News / Economy

Childcare Key for Working Women in Vietnam

FILE- A woman works at a yarn-weaving plant of the Ha Nam textile company in Phu Ly city, about 60 km (37 miles) south of Hanoi, July 4, 2013.
FILE- A woman works at a yarn-weaving plant of the Ha Nam textile company in Phu Ly city, about 60 km (37 miles) south of Hanoi, July 4, 2013.
While Vietnam still struggles with issues of work and gender, it has been making strides toward equality in its economy. Those attending a recent forum in Ho Chi Minh City said one of the secrets to the success is childcare.

When they go to the office, women here generally leave their children to be looked after by grandparents, live-in nannies, or employees at the country’s increasingly popular daycare centers. These affordable options allow women to maintain both work and family.

“I think conditions for women in Asia are much more favorable,” Belgian Ambassador to Vietnam Bruno Angelet said Thursday.

Speaking at a forum about women in business co-sponsored by his embassy, Angelet said that in Europe, working mothers have a much harder time affording daycare. That’s true for immigrants, as well. Angelet said that in Hanoi he often signs off on visas for Vietnamese who go to Belgium to look after the children of their sisters or their daughters.

Culture Matters

But several trends in Vietnamese society could soon make this advantage obsolete. First, couples are increasingly living away from their parents, either because they are more independent or because they move away to find work in the cities. With fewer and fewer three-generation homes in Vietnam, mothers can no longer rely on their own mothers to help raise their children.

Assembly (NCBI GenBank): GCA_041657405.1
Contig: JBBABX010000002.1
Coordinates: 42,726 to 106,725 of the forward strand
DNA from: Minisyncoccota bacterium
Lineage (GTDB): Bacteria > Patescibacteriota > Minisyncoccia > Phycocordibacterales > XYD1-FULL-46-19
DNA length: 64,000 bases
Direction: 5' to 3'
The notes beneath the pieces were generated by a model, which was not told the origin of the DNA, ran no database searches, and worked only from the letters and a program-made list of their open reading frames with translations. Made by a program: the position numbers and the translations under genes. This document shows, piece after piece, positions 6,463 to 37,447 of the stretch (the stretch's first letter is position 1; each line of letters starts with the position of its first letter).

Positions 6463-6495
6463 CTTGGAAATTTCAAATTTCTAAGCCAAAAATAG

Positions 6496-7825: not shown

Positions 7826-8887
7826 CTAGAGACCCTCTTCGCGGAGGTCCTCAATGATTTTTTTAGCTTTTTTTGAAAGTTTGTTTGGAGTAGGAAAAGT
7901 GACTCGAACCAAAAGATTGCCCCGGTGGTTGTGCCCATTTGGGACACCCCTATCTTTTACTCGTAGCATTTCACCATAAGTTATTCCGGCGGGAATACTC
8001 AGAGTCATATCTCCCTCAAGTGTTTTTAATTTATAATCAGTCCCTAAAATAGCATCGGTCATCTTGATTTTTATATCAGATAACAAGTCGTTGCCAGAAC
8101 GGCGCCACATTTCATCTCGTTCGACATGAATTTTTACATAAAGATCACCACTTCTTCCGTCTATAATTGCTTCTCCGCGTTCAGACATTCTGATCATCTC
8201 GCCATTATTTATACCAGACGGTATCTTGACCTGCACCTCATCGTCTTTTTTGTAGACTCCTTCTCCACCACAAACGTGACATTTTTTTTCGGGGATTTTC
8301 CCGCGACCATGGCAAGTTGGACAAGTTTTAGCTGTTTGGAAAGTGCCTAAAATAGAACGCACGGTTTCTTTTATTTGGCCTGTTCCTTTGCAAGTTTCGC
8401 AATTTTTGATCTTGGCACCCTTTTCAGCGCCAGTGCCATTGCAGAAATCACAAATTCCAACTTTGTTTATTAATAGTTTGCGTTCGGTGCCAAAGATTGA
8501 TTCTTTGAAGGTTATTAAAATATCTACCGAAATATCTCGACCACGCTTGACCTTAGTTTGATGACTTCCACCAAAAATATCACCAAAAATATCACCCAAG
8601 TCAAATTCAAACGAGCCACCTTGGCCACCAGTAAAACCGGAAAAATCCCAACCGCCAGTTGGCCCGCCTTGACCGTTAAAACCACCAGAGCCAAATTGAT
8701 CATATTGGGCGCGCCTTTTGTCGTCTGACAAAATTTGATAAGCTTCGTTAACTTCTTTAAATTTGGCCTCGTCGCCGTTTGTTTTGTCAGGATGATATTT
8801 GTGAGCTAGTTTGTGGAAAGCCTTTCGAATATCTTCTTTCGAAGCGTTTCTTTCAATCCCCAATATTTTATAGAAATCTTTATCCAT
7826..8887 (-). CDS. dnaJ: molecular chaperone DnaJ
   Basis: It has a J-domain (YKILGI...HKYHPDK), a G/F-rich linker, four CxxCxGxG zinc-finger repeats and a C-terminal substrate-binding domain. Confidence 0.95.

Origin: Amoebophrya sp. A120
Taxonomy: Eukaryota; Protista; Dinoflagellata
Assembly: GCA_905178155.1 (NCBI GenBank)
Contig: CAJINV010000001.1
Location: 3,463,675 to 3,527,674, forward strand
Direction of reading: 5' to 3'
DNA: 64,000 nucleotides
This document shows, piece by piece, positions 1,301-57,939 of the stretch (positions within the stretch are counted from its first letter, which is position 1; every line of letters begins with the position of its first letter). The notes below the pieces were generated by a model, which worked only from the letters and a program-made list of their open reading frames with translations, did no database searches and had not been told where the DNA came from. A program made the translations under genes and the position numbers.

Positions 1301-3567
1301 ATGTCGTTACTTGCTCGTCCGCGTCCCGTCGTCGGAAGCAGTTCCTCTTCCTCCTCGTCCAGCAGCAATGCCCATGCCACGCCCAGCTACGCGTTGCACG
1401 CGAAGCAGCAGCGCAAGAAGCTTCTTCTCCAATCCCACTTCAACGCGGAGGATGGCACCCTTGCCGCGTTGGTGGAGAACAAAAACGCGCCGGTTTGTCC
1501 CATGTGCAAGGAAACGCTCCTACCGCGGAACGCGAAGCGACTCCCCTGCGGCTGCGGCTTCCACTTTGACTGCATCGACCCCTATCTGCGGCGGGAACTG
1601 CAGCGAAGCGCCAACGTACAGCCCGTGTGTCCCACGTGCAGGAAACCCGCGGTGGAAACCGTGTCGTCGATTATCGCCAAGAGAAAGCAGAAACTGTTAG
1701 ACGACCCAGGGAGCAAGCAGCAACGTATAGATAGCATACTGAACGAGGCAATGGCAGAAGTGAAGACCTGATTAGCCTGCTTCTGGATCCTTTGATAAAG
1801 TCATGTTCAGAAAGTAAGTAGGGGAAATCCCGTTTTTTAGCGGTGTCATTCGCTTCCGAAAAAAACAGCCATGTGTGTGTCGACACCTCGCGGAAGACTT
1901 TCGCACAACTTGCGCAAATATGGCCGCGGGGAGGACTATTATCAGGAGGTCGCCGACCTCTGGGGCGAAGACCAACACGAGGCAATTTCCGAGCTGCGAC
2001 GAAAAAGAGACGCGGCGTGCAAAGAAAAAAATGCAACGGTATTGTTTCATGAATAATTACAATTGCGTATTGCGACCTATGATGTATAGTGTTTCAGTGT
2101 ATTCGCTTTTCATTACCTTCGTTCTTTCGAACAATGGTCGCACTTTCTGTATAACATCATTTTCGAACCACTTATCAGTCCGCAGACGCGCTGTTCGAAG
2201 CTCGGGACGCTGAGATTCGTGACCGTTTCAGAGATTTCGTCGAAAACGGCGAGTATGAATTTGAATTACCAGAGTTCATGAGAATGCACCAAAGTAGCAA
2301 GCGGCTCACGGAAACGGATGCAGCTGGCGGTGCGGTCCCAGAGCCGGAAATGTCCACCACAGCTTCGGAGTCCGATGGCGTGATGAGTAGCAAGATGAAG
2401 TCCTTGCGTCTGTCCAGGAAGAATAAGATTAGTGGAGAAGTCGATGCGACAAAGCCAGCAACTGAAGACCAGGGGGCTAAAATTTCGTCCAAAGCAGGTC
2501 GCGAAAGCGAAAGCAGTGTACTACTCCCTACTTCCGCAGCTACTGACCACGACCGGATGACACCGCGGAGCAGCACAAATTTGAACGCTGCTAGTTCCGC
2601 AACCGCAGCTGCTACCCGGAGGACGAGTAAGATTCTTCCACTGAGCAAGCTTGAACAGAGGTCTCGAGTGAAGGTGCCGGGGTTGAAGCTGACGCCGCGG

Also, nannies and childcare facilities are cheap for now because Vietnam is still a low middle-income country. But as Vietnamese get richer, fewer may be willing to work as caretakers and these costs will rise.

 
Ton Nu Thi Ninh is among Vietnam's most prominent advocates of gender equality, having served as a diplomat and parliamentarian.Ton Nu Thi Ninh is among Vietnam's most prominent advocates of gender equality, having served as a diplomat and parliamentarian.
x
Ton Nu Thi Ninh is among Vietnam's most prominent advocates of gender equality, having served as a diplomat and parliamentarian.
Ton Nu Thi Ninh is among Vietnam's most prominent advocates of gender equality, having served as a diplomat and parliamentarian.
Ton Nu Thi Ninh, who organized the forum, responded by saying that as Vietnam evolves, it does not necessarily have to lose all of its traditional values.

“Culture matters,” said Ninh, a former diplomat and member of parliament who has become a leading advocate for women’s rights. “We should find our core strength and select what values to bring with us into the future,” she said.

Some of that strength is reflected in the data. According to the World Bank, Vietnam had a female labor force participation rate of 73 percent in 2012, compared with 57 percent in the United States and 64 percent in China.

Trade-offs

But not all is positive for Vietnamese working mothers. Even with better childcare options, many who climb the corporate ladder find many of the same challenges as their counterparts in the West.

“I have traded off my youth, my personal time for my business,” said Huynh Kim Phung, director of media and PR firm Truong Phat. “To be good and successful businesswomen, we have to spend a lot of time outside the family, and sometimes the trade-off is really hard.”

Eventually Phung convinced her husband to share some of the domestic duties, which forum-goers said is one area where Vietnam can make progress on gender equality. Men will have to do more chores and care for children to help their wives, especially if costly daycare becomes out of reach for average Vietnamese.